against the illusiveness of momentary im- and the surrounding country displayed pulses, in their origin as likely to be earth- many an old-fashioned fabric, from the ly and material, as heavenly and spiritual. venerable mansion that had cradled a

Osten, when elated in what seems a highly devotional frame, I suddenly put to myself the searching question, “Wherein does

this differ from the enthusiasm enkindled

long line of nobles, to the humble but substantial farm-house, with its narrow gables,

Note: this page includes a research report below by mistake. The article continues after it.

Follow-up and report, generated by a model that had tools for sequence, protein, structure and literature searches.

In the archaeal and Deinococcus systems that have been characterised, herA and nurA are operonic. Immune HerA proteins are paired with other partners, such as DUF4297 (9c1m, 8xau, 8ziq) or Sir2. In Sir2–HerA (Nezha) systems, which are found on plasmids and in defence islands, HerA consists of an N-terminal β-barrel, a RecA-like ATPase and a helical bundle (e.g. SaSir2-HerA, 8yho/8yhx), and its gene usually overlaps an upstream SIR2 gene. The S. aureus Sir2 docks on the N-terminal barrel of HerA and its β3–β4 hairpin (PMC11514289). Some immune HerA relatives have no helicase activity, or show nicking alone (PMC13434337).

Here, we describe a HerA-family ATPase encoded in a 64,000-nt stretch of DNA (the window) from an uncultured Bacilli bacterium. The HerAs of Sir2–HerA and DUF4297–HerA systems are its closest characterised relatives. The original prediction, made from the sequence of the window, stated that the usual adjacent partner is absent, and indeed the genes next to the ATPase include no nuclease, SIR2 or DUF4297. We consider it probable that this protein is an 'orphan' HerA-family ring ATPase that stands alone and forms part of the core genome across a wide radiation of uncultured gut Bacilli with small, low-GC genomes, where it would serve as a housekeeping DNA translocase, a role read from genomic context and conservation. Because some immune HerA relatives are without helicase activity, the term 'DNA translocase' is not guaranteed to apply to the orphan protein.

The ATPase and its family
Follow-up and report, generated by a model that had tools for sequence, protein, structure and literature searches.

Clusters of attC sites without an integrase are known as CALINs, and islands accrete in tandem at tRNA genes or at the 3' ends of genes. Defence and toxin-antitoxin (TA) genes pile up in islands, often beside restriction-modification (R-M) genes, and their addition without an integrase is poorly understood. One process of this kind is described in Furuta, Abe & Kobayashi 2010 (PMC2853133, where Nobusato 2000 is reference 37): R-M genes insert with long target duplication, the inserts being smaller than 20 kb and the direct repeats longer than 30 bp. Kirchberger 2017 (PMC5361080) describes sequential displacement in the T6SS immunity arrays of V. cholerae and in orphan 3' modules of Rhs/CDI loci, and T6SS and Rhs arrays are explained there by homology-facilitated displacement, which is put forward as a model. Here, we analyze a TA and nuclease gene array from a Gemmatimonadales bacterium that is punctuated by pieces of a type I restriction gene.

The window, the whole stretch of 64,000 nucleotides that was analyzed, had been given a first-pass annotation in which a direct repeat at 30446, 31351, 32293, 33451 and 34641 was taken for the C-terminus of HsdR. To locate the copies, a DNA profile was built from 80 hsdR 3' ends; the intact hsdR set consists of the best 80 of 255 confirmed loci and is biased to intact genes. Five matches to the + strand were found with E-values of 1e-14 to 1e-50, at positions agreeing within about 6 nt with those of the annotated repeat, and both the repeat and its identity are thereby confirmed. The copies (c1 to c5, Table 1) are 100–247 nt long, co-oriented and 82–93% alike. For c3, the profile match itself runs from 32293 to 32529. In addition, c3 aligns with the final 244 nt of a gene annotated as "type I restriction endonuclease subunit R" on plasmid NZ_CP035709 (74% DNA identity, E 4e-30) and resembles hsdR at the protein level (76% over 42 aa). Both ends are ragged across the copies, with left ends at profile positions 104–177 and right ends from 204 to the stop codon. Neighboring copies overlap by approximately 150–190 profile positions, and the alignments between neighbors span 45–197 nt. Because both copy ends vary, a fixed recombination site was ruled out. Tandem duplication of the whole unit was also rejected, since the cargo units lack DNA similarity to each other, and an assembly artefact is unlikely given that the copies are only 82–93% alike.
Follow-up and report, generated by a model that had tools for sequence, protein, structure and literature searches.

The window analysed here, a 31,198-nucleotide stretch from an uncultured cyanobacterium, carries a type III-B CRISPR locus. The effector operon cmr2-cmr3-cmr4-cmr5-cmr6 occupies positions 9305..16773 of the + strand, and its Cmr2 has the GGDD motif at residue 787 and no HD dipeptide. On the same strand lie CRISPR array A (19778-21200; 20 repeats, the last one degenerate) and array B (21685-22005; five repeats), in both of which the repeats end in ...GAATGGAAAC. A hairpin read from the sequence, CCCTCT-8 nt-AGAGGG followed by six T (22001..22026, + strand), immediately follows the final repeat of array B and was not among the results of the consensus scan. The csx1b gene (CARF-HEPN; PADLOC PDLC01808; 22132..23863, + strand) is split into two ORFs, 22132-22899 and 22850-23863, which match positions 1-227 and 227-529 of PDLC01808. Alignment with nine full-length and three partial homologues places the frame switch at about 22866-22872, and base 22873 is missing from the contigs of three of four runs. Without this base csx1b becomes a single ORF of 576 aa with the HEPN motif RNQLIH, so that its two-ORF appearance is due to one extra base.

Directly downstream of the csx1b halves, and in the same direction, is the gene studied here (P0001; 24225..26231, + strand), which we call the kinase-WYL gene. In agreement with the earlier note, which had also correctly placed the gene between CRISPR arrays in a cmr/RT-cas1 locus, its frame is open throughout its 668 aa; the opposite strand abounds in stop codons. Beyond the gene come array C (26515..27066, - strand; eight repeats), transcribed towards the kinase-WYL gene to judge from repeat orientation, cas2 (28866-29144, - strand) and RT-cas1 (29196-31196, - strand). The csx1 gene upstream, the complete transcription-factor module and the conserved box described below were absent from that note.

its jutting eaves, and low, wide casements set deep in frame-work of rudely carved stone. It has been my lot for many years to dwell in places as dissimilar from these early haunts as are the elegant triflings of modern art from the laboured and enduring workmanship of former ages. Hence, when my rambles bring me suddenly within view of some time-worn edifice—from which no part of England is altogether free—the sensations excited are indescribably strong. A chord is touched, that seems to awake an echo from every little cell of slumbering memory; and I am carried back to times and scenes, thoughts and feelings, wherein it is hard to say whether the painful or the pleasurable emotion predominates. Can the Christian then dwell with fondness on days that came and went, leaving him as they found him, living without hope and without God in the world? Ought not the retrospection to be one of unmingled shame and sorrow, while, viewed in the light of gospel truth, each event furnishes a memento of his rebellion against the Most High 7 Such thoughts have troubled me, I confess; but there is one consideration that blends very sweetly with the reminiscences of by-gone days– it is beautifully expressed in the eighth chapter of Deuteronomy, “And thou shalt remember all the way which the Lord thy God hath led thee these forty years in the wilderness. ... Thou shalt also consider in thine heart that as a man chasteneth his son, so the Lord thy God chasteneth thee.” To lose the remembrance of former days were to forget the wonders which the Lord hath wrought: and to retrace them with gloomy repugnance were to rob Him of much glory due unto His name. Oh, there are many who sported with me through the airy cloisters, and snatched the long grass as they bounded by, who trifled on through maturer years, and suddenly passed away to a world where they never had sent one serious thought before them. There are others, still robust and active denizens of busy life, whose every hope is bounded by the visible earth to the dust of which their souls tenaciously cleave, who recognize not the long-suffering of a waiting Saviour in the time thus